Nor do we find Gananian's citation to Burge v. Department of Motor Vehicles (1992) 5 Cal.App.4th 384, 7 Cal.Rptr.2d 5, persuasive. There, the court, in generally discussing the applicable principles, stated: “Public employee business records ․ are admissible in civil actions only to the extent that they report the employee's firsthand knowledge. [Sworn] statements, therefore, may form the sole basis for suspension of a driver's license only if made from firsthand observation. [Citation.]” (Id. at p. 389, 7 Cal.Rptr.2d 5.) As authority for this proposition, the court relied exclusively on Imachi. Moreover, since the documentary evidence in Burge only reported firsthand observations (id. at pp. 389–390, 7 Cal.Rptr.2d 5), the court's statement is dictum to the extent it purports to address the adequacy of documents that do not. For these reasons, we choose not to follow Burge.
For similar reasons, we choose not to follow the other cases Gananian cites. In Santos v. Department of Motor Vehicles, supra, 5 Cal.App.4th at pages 546–547, 7 Cal.Rptr.2d 5, the same appellate panel that decided Imachi simply relied on its prior opinion in holding that a test report from the laboratory that performed the test was admissible as a public employee record.7 In Wilson v. Zolin (1992) 9 Cal.App.4th 1104, 1106–1107, 11 Cal.Rptr.2d 870, the court cited Imachi 's statement regarding the necessity of personal knowledge only as a point of distinction because the documentary evidence in Wilson was a firsthand account of test results. The court therefore had no occasion to examine Imachi 's analysis. In Davenport v. Department of Motor Vehicles (1992) 6 Cal.App.4th 133, 141, footnote 3, 7 Cal.Rptr.2d 818, the court discussed Imachi 's conclusion that test “results are admissible over a hearsay objection only if reported by the test analyst, who reports firsthand observations. [Citation.]” Davenport did not present this question, however, because there was “no information” as to whether the reporting officer directly observed the test results and there was no hearsay objection “raised in the trial court.” 8 (Ibid.) Thus, none of the cases on which Gananian relies prevents us from concluding that Cobb's sworn statement is admissible under Evidence Code section 1280 to the extent it reports Grochowski's observation of the driving.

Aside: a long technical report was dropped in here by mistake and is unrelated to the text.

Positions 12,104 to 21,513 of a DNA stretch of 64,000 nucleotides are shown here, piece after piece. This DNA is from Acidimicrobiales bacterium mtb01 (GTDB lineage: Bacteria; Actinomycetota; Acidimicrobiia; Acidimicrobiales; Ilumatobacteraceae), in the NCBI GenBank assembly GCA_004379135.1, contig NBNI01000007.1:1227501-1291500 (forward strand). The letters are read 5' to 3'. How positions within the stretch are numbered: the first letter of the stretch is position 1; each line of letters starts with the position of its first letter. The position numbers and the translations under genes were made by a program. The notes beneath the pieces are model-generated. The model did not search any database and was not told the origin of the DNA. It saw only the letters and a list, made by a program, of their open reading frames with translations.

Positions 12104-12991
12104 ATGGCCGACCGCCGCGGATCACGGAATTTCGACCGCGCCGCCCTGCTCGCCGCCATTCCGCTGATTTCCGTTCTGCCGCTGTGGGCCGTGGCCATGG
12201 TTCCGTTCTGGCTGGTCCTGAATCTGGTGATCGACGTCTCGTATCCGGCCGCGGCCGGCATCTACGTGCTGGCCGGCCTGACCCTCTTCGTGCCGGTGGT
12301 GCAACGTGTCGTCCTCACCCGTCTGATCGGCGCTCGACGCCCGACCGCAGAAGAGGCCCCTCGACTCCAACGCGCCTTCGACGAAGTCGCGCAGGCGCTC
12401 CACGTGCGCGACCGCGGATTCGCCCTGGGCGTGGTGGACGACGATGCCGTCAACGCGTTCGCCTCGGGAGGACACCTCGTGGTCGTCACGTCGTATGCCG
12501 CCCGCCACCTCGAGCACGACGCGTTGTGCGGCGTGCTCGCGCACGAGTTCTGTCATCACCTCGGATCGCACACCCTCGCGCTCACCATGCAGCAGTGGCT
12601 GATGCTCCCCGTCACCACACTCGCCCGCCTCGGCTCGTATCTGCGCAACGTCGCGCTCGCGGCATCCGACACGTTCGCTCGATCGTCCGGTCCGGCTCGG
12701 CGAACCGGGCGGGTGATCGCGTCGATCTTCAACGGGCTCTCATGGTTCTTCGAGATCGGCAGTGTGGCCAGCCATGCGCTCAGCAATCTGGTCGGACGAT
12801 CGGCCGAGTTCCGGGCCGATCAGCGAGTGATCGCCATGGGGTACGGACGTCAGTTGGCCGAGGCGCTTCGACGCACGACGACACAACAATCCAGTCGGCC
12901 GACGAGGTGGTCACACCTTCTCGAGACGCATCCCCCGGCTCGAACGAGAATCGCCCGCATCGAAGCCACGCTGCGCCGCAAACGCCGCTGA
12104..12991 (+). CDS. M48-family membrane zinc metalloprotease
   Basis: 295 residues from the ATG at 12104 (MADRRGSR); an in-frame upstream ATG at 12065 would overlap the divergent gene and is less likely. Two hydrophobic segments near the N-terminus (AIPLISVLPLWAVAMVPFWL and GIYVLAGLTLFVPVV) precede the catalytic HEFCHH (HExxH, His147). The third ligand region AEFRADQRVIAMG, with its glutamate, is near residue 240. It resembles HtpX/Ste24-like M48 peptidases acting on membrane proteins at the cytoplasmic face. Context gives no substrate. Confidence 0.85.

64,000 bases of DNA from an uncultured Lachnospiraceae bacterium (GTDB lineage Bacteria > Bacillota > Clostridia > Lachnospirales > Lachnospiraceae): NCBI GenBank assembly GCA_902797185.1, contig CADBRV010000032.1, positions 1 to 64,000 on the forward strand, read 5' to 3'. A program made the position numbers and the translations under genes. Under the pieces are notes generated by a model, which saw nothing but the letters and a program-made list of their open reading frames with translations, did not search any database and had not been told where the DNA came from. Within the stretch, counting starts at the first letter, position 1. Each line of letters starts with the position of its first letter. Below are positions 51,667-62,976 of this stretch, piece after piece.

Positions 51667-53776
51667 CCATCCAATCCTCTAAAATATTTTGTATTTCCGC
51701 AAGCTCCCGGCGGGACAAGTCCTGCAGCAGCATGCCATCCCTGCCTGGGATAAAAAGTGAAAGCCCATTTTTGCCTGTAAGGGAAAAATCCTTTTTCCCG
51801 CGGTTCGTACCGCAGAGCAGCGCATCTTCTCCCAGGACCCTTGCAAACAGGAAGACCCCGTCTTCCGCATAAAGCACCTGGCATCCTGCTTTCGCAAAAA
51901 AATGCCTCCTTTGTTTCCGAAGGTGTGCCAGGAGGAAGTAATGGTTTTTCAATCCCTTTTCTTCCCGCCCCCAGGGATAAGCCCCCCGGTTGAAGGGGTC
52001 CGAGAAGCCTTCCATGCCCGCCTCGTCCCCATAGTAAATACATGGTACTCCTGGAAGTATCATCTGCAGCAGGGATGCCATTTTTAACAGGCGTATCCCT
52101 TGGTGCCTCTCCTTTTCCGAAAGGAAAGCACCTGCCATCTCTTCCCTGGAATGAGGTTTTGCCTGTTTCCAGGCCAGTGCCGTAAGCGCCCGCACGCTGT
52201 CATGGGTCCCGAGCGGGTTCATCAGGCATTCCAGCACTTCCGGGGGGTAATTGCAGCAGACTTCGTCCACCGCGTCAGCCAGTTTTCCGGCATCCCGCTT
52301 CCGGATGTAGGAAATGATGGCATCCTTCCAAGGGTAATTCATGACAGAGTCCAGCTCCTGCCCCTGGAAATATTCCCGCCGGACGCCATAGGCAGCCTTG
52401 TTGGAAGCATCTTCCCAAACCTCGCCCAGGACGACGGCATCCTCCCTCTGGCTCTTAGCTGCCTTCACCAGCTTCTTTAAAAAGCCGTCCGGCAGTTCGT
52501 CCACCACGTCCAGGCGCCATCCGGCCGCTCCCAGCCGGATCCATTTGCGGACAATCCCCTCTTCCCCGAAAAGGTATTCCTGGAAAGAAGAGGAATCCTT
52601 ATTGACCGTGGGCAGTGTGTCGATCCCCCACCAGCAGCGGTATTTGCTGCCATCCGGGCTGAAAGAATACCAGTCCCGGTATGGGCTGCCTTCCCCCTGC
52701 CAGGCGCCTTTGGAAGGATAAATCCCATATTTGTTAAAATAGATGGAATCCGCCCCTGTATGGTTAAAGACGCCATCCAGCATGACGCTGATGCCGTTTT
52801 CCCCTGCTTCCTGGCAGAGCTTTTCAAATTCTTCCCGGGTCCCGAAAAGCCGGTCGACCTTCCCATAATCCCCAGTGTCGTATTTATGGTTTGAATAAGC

Nor does the Third District Court of Appeal's recent decision in Cantrell v. Zolin (1994) 23 Cal.App.4th 128, 28 Cal.Rptr.2d 238, alter our conclusion. There, as in this case, the DMV relied on a sworn statement in which one officer reported another officer's observation of the driving. (Id. at p. 131, 28 Cal.Rptr.2d 238.) The driver challenged the admissibility of this statement only insofar as it was relevant to the existence of probable cause to believe that the driver had driven while under the influence. (Ibid.) The court rejected the challenge, finding that the statement was not hearsay on the issue because the DMV offered it to prove only the reasonableness of the officer's belief, not the truth of the matter stated. (Id. at pp. 132–133, 28 Cal.Rptr.2d 238.) In a footnote, the court stated that the report was also relevant as proof that the driver was actually driving. (Id. at p. 133, fn. 2, 28 Cal.Rptr.2d 238.) As to this issue, the court asserted that the report “was hearsay and thus insufficient alone to support a finding [citation].” (Ibid.) However, the court offers no analysis to support its statement. Moreover, the statement is dictum because the driver did not object to the report's introduction as proof that he was driving and the report “was corroborated by the testimony of [the driver] and his friends․” (Ibid.) For these reasons, we choose not to follow Cantrell.
The judgment is reversed, and the matter is remanded to the trial court with directions to deny Gananian's petition and reinstate the DMV's suspension order. The DMV shall recover its costs on appeal.
1. Unless otherwise indicated, all further statutory references are to the Vehicle Code.
2. Section 23158.2, subdivisions (a) and (b), require the peace officer who arrests the driver or serves the suspension order “immediately [to] forward to the [DMV] a sworn report of all information relevant to the enforcement action” using “forms furnished or approved by” the DMV.
3. In County of Sonoma, we were discussing the business records exception to the hearsay rule (Evid.Code, § 1271) rather than the public employee records exception. (County of Sonoma v. Grant W., supra, 187 Cal.App.3d at pp. 1450–1451, 232 Cal.Rptr. 471.) The two exceptions are essentially the same, except that the former applies to business records instead of official records and “ ‘requires a witness to testify as to the identity of the record and its mode of preparation in every instance․’ ” (People v. Dunlap (1993) 18 Cal.App.4th 1468, 1477, 23 Cal.Rptr.2d 204.) Given this similarity, decisions analyzing the business records exception are applicable to our analysis in this case.